At Heiligenberg Castle in Seeheim-Jugenheim a historical exhibition was shown from 15th till 30th September, 2022. Based on the life of Alexander Prince of Battenberg (1857-1893), it provided an insight into the difficult political and social conditions during the second half of the 19th century in Europe.
Today, Heiligenberg Castle is the seat of the Heiligenberg Jugenheim Foundation, which was established in 2007. The extensive tasks of this foundation not only consist of maintaining the historical heritage and the park grounds of this place, but, above all, it champions peace and international understanding with a series of expert discussions organised by the Forum Heiligenberg event group, as well as numerous cultural and musical events. The activities of the Heiligenberg Jugenheim Foundation also include handling of historical topics. In October 2018, for example, an international conference was held on the topic: The Battenbergs – a European Family (Comati 2020, 213-220), which also shed light on the extraordinary life of Alexander Prince of Battenberg, known as Sandro among his family and relatives.
After the liberation of Bulgaria from Ottoman rule in 1878, he served the country from 1879 till 1886. Sandro is firmly anchored in Bulgaria’s collective memory, but in Germany he is little known, almost forgotten. In recent years, Bulgarian visitors have come to Heiligenberg Castle to take a look at the home of “their” first prince, the place where he spent his youthful years, but his memory lay “dormant” there for a long time. This was only to change with the establishment of the Heiligenberg Jugenheim Foundation. Today, a bronze plaque at the entrance to the castle commemorates Alexander Prince of Battenberg. In the castle’s documentation and visitors’ centre, the so-called “Russenhaus”, there is now not only a considerable amount of further literature on the history of this family and its period in time, but also the genealogical table of the Battenbergs as well as exhibits and memorabilia.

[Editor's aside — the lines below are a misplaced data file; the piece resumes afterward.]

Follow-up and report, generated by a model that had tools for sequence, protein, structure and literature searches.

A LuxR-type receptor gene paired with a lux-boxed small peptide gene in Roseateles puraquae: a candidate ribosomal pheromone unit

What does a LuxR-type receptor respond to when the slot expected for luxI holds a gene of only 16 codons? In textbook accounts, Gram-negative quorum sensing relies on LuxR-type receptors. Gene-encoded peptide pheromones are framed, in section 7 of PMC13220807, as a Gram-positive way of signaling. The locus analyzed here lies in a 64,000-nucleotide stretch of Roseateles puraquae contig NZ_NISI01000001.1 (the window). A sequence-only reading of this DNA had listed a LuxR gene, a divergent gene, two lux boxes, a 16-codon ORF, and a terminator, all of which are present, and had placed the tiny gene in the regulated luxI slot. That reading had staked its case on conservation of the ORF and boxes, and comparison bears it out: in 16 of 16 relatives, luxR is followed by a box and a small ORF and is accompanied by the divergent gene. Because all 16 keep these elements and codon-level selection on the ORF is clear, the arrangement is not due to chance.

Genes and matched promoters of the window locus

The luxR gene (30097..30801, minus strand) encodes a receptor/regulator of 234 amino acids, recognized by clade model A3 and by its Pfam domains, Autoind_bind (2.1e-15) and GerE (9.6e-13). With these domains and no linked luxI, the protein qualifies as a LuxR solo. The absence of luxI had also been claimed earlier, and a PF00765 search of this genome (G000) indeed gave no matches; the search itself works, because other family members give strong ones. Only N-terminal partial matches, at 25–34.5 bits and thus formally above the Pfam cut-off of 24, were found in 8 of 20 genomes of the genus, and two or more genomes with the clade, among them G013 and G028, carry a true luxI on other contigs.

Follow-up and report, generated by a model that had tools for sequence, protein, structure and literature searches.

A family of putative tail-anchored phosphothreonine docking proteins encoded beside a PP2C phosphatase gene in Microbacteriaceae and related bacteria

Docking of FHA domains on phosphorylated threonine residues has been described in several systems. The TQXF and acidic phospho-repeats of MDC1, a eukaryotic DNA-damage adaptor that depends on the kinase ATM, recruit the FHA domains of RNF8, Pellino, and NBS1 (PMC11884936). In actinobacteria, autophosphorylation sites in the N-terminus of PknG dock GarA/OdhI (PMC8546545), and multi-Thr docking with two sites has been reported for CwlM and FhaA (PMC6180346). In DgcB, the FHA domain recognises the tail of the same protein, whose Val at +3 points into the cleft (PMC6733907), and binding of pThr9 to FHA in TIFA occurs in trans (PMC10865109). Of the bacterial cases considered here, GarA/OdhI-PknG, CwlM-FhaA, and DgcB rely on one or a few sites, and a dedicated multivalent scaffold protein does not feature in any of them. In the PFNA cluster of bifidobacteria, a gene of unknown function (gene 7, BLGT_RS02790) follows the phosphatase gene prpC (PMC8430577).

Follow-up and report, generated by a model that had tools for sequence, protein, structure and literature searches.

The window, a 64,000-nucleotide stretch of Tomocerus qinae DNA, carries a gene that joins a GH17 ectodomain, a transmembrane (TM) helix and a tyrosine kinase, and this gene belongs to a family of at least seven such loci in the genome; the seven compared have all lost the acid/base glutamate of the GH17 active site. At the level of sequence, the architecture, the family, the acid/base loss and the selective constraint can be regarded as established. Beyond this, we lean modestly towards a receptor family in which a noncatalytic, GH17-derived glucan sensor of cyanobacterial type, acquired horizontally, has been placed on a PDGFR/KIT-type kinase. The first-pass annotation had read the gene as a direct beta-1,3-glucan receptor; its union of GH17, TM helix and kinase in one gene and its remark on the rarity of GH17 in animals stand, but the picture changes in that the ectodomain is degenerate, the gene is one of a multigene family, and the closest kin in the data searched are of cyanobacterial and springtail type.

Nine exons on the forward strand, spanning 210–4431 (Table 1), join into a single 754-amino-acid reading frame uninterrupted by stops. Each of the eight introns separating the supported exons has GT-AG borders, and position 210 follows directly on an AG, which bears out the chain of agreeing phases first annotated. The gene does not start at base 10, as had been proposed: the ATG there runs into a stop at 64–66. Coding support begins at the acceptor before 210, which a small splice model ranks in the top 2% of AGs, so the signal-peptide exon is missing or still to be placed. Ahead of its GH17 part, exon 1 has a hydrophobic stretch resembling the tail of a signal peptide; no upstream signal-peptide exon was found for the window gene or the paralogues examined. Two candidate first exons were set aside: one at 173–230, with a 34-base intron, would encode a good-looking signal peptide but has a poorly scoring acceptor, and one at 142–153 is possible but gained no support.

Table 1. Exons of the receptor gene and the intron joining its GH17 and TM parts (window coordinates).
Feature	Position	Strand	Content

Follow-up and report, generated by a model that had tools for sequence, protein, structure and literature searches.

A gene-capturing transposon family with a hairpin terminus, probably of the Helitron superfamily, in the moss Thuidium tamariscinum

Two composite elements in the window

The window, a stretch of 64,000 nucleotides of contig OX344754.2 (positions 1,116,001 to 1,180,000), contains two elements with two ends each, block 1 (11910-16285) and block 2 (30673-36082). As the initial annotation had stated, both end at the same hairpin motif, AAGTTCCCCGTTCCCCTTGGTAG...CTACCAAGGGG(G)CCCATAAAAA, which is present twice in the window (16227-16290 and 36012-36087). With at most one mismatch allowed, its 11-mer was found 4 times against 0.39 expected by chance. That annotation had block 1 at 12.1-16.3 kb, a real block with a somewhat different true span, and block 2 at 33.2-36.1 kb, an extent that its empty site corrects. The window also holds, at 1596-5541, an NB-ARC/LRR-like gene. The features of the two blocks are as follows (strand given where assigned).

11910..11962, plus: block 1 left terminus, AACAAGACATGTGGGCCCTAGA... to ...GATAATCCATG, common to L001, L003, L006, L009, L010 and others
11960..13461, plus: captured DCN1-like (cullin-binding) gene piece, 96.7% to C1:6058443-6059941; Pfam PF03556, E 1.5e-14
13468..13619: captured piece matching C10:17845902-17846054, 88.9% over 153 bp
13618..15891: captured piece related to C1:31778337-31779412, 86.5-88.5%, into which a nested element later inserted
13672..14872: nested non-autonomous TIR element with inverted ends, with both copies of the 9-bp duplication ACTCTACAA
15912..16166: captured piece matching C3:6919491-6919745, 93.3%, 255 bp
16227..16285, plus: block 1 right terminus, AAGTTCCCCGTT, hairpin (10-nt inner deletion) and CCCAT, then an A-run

An Exhibition in Memory of Alexander Josef (Sandro) Prince of Battenberg
In order to portray Sandro’s life in the 19th century, a time of conflict in Europe, the Heiligenberg Foundation, under the chairmanship of Dr Joachim Horn, commissioned a five-member working group to prepare an exhibition on the historical personality Alexander Prince of Battenberg, known in Bulgaria as Prince Alexander I of Bulgaria. The work group included (in alphabetical order):
Thomas Bröning: Bookseller and antiquarian with a bookshop in Biebesheim. His historical interests and extensive knowledge of uniforms, military ranks, orders and decorations, especially concerning the 19th century, greatly enriched the exhibition and the accompanying book.